A precocious Norway side and hosts Italy enjoyed spells in the limelight at the 2011 UEFA European Women's Under-19 Championship, but it was Germany that shone brightest.
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A precocious Norway side and hosts Italy enjoyed spells in the limelight at the 2011 UEFA European Women's Under-19 Championship, but it was Germany that shone brightest. By the final they were simply dazzling, overcoming the problems they had hitherto had in front of goal in record-breaking fashion.
If a familiar name prevailed in the end it is testament to the growing competitiveness of this competition that France and England, winners the previous two seasons, did not even make it to Emilia-Romagna. The Netherlands and Norway, respectively, saw to them in qualifying, taking their places in Group B alongside Spain and Germany – the section always looked like producing the champions despite an impressive showing from Italy.
Spearheaded by Melissa Bjånesøy, Norway made it through to the final with a side featuring ten players that would still be eligible the following year; two would still qualify for 2014. The striker, only discovered by the national team setup 15 months earlier, continued her record of scoring in every game with her seventh of the tournament in Imola. Sadly for the Scandinavian outfit, however, Germany were well on their way to racking up eight at the other end.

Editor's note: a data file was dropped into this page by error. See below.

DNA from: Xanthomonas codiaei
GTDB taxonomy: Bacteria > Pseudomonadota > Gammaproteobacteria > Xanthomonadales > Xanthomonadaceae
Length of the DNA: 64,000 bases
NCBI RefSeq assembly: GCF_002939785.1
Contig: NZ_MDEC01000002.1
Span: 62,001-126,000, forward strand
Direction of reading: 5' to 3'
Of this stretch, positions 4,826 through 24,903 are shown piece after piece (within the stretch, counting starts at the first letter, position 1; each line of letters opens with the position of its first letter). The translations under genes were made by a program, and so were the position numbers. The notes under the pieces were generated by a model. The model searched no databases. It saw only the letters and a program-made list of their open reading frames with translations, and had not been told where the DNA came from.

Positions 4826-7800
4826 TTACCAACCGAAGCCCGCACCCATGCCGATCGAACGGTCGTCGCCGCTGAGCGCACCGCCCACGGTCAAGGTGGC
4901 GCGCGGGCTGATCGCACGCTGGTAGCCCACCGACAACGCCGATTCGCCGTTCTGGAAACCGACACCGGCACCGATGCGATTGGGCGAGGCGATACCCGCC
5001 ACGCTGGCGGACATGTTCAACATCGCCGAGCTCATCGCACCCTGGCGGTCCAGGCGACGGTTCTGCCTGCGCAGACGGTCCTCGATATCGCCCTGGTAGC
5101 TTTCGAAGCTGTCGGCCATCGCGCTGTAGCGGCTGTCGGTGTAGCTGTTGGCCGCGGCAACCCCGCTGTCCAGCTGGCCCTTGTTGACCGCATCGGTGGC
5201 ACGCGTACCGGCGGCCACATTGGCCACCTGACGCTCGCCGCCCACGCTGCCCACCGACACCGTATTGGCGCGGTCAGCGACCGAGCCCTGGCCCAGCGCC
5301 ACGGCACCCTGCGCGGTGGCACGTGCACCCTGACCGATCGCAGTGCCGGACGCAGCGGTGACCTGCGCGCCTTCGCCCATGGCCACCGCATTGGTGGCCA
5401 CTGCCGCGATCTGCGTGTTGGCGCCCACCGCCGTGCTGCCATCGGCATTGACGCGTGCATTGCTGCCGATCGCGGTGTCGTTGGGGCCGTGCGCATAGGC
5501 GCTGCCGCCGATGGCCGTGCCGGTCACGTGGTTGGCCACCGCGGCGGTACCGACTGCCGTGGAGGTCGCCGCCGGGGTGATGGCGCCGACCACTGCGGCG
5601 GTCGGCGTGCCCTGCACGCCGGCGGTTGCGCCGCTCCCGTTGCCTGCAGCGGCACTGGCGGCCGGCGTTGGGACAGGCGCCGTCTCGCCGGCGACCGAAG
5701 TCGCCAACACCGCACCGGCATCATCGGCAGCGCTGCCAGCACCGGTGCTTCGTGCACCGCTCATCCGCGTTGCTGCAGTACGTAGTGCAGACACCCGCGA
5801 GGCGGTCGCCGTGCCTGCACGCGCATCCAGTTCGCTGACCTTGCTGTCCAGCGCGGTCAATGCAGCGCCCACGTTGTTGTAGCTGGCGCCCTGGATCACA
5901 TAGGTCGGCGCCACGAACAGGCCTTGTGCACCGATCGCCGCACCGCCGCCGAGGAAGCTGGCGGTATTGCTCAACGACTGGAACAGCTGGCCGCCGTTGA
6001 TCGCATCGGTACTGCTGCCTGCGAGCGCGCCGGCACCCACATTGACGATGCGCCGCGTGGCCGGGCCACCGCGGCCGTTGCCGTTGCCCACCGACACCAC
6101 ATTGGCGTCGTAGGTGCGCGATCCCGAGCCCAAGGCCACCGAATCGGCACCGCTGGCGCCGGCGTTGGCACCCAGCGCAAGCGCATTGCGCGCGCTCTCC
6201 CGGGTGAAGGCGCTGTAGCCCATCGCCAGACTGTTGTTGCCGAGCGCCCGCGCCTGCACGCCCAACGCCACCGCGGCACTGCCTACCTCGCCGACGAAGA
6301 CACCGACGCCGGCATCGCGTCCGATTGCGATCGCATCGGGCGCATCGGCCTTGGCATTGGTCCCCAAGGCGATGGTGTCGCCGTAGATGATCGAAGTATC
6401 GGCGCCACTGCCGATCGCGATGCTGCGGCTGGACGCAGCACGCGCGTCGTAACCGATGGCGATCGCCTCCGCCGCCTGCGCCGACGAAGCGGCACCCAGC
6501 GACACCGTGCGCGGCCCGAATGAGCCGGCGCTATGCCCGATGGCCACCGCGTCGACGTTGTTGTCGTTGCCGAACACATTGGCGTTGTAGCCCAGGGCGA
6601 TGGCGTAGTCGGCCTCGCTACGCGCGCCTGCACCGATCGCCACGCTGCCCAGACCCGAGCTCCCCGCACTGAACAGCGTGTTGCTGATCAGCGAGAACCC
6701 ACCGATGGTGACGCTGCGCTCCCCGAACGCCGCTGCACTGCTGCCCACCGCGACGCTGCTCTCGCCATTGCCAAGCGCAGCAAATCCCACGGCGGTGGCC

It was the perfect response to coach Maren Meinert's fear that a repeat of the wastefulness that had blotted an otherwise perfect campaign could prove costly. Yet for a while the showpiece threatened to realise her nightmare. All Germany had to show for an impressive first half of overwhelming dominance, when they suffocated Norway's attacking ambitions before passing them into submission, was Luisa Wensing's diving header.
It had been the same when these sides met 13 days earlier, as they wasted chances at one end as the Bjånesøy lurked at the other – only in added time did they make things safe, winning 3-1. There was no repeat. Germany doubled their lead shortly after half-time and the floodgates opened: by the time Bjånesøy got on the scoresheet midway through the second period her side were 6-0 down.
In the end it was 8-1, a record showpiece defeat leaving Norway coach Jarl Torske "embarrassed and humiliated" in his fourth losing final, at this level and the U18s before it. Yet there was no shame in his side being overrun by a team in such supreme form. After a four-year wait, Germany were back on top.